The situation in Egypt has devolved to deadly clashes between pro- and anti-Mubarak protesters wielding broken bottles, knives, clubs, swords, whips, and petrol bombs, and there are reports of automatic weapons fire being directed at the anti-government camp. Pro-Mubarak men charged anti-government protesters last night on horseback and camelback. Haaretz is reporting five dead so far and at least 800 injured.
But there’s more going on here on than a no-holds-barred counterrevolution. Eyewitness accounts in Tahrir Square describe large numbers of pro-Mubarak demonstrators arriving on trucks and simultaneously closing off the exits. That’s a tactical approach that suggests that they were riot police in civilian clothes.
But where was the army during all this?
The army has stated that it will not fire on anti-government protesters, and we’ve seen moving images of soldiers showing their solidarity with those protesters. It’s tempting to infer — particularly as the Egyptian army is an army of conscripts, not an army of volunteers — that the army is in the anti-government camp. But when the riot police stood down over the weekend and looting swept the streets, the army did not step in to protect citizens from rampant destruction of property, theft and rape. Now, too — with the protests descending into full-scale battle — the army is doing almost nothing other than urge the protesters to disperse for their own safety. What’s going on? Whose side are they on?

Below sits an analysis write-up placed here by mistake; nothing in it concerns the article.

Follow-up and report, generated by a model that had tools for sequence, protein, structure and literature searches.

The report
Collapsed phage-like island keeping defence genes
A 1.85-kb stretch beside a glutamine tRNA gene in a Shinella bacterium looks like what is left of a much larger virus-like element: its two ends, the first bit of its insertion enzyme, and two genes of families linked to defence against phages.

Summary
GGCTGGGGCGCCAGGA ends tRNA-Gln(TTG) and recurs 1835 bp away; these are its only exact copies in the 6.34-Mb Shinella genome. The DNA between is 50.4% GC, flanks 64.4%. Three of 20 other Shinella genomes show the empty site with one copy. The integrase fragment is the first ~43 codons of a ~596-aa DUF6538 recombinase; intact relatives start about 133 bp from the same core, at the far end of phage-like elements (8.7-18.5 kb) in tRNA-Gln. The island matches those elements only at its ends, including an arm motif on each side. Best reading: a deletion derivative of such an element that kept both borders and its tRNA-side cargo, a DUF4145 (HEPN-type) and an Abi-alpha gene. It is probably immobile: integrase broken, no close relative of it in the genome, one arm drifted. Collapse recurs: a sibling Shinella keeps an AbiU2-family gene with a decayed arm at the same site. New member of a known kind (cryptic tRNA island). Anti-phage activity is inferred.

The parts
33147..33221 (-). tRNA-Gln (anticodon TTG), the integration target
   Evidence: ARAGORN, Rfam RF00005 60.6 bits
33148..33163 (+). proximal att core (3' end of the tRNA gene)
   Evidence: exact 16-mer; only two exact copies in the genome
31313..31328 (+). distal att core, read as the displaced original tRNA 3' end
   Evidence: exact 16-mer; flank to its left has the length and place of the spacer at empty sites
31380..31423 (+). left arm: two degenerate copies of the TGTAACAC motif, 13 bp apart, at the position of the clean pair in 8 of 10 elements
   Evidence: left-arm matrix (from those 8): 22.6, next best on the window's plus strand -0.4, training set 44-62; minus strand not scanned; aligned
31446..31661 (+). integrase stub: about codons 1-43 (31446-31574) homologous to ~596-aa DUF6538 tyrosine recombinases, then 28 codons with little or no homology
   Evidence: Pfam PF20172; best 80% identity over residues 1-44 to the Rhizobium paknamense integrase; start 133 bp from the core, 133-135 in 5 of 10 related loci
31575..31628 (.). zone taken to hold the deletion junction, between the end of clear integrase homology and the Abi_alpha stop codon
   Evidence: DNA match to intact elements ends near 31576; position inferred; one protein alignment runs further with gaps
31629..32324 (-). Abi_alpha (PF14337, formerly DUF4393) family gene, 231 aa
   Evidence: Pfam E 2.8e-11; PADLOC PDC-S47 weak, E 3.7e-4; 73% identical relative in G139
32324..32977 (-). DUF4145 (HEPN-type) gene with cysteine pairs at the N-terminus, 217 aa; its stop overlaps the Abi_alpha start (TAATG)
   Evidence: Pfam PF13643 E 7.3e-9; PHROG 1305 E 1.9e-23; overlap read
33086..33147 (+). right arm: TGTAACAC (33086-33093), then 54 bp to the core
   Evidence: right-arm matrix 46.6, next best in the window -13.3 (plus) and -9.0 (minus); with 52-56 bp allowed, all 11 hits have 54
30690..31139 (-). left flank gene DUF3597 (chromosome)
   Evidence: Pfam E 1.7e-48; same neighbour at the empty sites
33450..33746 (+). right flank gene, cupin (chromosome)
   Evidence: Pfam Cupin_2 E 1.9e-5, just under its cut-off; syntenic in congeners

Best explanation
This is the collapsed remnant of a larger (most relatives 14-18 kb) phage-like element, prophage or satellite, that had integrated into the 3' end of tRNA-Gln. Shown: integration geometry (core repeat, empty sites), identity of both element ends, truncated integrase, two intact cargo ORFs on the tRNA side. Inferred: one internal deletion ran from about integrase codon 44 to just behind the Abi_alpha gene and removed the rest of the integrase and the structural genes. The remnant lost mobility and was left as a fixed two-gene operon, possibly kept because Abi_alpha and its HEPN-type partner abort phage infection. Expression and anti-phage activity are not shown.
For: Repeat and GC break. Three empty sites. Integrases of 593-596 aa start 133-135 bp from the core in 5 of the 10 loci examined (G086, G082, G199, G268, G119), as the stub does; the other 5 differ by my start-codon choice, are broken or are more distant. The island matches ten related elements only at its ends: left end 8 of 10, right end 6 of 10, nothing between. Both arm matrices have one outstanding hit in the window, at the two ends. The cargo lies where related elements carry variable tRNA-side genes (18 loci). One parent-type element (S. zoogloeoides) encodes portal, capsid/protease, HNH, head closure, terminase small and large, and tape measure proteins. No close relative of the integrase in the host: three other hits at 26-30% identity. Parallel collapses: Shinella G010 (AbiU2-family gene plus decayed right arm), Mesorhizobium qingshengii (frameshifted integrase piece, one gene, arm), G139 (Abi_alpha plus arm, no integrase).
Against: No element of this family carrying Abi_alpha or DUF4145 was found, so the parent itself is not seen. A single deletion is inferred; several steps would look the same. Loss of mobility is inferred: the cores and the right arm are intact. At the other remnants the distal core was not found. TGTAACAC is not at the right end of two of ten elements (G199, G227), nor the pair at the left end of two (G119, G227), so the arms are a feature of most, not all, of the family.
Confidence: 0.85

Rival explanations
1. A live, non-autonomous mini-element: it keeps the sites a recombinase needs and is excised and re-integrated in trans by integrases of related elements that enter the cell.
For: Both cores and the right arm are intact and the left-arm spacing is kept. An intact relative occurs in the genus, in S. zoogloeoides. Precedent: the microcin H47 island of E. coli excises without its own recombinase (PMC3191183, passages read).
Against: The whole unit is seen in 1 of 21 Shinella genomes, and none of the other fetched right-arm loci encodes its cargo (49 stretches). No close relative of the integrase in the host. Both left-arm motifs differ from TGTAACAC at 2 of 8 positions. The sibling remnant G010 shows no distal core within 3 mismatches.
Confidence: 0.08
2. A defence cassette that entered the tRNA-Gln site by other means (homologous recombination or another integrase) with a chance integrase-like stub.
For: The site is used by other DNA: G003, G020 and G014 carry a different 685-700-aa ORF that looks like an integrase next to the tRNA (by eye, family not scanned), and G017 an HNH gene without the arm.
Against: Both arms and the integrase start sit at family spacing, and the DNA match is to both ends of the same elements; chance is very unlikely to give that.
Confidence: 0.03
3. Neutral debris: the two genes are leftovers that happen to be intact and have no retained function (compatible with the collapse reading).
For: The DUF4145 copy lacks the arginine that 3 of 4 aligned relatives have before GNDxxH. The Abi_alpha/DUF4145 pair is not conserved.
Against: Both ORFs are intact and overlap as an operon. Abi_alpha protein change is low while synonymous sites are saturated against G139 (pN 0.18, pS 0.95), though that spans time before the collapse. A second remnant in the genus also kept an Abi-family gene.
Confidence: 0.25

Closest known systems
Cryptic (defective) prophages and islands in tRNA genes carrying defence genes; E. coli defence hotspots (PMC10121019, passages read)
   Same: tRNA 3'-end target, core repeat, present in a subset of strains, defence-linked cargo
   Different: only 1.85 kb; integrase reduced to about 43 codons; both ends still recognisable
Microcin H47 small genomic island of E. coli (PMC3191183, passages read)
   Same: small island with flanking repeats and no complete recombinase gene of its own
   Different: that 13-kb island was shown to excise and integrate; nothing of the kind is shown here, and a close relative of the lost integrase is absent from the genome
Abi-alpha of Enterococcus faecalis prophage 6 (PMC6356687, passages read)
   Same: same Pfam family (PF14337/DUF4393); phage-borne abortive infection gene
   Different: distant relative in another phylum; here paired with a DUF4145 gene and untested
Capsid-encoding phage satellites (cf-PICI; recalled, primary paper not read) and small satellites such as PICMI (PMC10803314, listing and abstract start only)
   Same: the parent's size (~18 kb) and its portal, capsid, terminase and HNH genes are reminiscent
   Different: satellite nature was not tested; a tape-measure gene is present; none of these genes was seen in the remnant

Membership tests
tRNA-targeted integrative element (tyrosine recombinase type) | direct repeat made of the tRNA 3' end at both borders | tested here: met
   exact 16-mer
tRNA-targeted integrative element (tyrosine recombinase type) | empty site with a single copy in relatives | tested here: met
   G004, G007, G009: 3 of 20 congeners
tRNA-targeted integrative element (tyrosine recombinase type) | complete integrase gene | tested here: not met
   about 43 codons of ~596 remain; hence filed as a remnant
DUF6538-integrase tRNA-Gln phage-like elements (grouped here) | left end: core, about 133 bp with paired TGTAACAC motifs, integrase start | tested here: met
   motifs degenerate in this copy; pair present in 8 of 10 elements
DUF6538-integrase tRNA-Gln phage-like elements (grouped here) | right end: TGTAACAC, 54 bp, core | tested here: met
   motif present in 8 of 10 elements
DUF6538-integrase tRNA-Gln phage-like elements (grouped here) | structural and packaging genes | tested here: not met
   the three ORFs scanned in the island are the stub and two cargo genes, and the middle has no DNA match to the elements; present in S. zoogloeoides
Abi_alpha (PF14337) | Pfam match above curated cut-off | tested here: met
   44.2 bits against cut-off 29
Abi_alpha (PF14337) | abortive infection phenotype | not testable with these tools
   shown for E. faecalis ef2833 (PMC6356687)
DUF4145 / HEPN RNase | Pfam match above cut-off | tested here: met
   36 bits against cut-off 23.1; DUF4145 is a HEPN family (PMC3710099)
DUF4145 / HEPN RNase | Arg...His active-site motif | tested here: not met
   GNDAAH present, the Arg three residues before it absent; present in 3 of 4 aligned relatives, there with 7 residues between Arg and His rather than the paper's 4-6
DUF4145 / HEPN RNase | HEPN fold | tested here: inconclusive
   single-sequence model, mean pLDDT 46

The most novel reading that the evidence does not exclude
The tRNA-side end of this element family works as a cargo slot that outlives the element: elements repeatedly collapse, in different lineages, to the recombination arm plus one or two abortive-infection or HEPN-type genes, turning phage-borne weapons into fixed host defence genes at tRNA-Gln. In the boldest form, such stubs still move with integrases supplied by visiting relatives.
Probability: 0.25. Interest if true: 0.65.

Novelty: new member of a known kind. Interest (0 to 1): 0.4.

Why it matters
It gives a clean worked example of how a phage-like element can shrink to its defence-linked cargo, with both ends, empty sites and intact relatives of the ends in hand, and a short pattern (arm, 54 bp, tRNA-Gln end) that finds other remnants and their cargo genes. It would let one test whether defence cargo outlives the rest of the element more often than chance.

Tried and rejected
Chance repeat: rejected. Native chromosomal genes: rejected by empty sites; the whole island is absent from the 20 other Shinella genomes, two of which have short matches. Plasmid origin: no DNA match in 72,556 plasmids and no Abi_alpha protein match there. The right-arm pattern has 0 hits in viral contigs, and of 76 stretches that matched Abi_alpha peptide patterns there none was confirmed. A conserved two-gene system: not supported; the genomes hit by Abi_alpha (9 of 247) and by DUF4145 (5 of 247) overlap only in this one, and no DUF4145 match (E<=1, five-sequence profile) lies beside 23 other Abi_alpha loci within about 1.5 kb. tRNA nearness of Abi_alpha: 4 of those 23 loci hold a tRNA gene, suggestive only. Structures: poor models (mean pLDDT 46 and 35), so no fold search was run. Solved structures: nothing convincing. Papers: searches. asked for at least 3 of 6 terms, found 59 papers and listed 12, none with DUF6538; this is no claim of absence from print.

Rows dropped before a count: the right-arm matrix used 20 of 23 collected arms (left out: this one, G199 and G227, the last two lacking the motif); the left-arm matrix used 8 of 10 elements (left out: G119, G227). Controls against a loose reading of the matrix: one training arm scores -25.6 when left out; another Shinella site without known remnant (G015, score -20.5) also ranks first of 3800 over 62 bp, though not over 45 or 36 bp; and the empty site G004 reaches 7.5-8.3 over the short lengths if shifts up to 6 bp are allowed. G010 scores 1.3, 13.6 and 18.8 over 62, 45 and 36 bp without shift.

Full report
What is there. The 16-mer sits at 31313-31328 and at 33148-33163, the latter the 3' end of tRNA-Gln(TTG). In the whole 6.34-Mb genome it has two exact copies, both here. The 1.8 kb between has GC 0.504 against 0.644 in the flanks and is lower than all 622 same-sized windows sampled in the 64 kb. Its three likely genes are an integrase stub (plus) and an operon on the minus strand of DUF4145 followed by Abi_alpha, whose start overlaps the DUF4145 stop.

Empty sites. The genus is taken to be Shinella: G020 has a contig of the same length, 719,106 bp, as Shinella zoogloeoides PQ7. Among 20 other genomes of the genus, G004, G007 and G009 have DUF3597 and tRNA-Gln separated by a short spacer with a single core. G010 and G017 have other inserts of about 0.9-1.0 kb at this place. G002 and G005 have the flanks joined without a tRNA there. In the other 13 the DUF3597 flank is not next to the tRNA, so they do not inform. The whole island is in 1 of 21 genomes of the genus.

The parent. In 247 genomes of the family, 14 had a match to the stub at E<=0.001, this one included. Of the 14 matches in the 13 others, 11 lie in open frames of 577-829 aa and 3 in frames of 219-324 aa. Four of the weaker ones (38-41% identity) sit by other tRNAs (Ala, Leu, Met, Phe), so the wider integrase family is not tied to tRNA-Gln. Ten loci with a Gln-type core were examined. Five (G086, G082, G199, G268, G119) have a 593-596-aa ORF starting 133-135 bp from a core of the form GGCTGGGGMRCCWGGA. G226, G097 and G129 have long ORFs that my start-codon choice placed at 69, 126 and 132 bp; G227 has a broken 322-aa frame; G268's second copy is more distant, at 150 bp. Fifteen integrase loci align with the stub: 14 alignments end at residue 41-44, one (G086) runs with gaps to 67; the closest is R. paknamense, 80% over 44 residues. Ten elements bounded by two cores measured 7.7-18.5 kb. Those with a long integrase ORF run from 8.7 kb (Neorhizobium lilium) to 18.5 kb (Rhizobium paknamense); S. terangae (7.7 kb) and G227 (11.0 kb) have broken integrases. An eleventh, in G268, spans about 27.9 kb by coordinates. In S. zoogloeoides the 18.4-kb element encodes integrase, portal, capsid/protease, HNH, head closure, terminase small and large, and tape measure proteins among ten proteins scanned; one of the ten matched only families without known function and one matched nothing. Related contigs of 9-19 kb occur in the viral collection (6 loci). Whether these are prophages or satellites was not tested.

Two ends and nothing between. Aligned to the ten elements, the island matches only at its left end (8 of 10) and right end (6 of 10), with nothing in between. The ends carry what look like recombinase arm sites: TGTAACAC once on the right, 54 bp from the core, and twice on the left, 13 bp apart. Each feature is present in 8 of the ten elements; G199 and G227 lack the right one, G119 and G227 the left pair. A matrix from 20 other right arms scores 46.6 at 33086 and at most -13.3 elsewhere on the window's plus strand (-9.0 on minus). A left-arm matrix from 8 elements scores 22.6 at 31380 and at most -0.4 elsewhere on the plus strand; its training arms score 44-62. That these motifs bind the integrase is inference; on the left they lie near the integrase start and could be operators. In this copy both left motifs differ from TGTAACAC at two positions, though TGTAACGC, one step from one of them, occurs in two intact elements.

Don’t count them out of the regime’s corner just yet. Remember that Mubarak is the head of the Egyptian Air Force. He’s a military man, and he can think strategically. He appears to have used the riot police quite skillfully to engineer a choice between him and total chaos. He may be using the army just as cleverly. He wants to see his just-appointed VP, General Omar Suleiman, succeed him to the presidency. It’s very much in his interest to have the people clamoring for the army to intervene.
It’s impossible to know at this point whether the original decision by the army to hold its fire against the demonstrators was an order from on high or a contravention of them, but in either case, Mubarak is fully capable of exploiting it. Mubarak remembers — as we all should — that there are a lot more Egyptians than the thousands demonstrating against him in Tahrir Square. The army’s current inaction serves Mubarak’s purpose, since it reminds the rest of Egypt’s 80-million-strong population what instability looks like.
The X-factor remains whether or not the army will help Mubarak achieve his object, which is to keep himself in place until the next election and ensure Suleiman’s succession. The odds are high that the army will fall in line. If it were inclined to break the chain of command, tanks would probably already have stormed the presidential palace.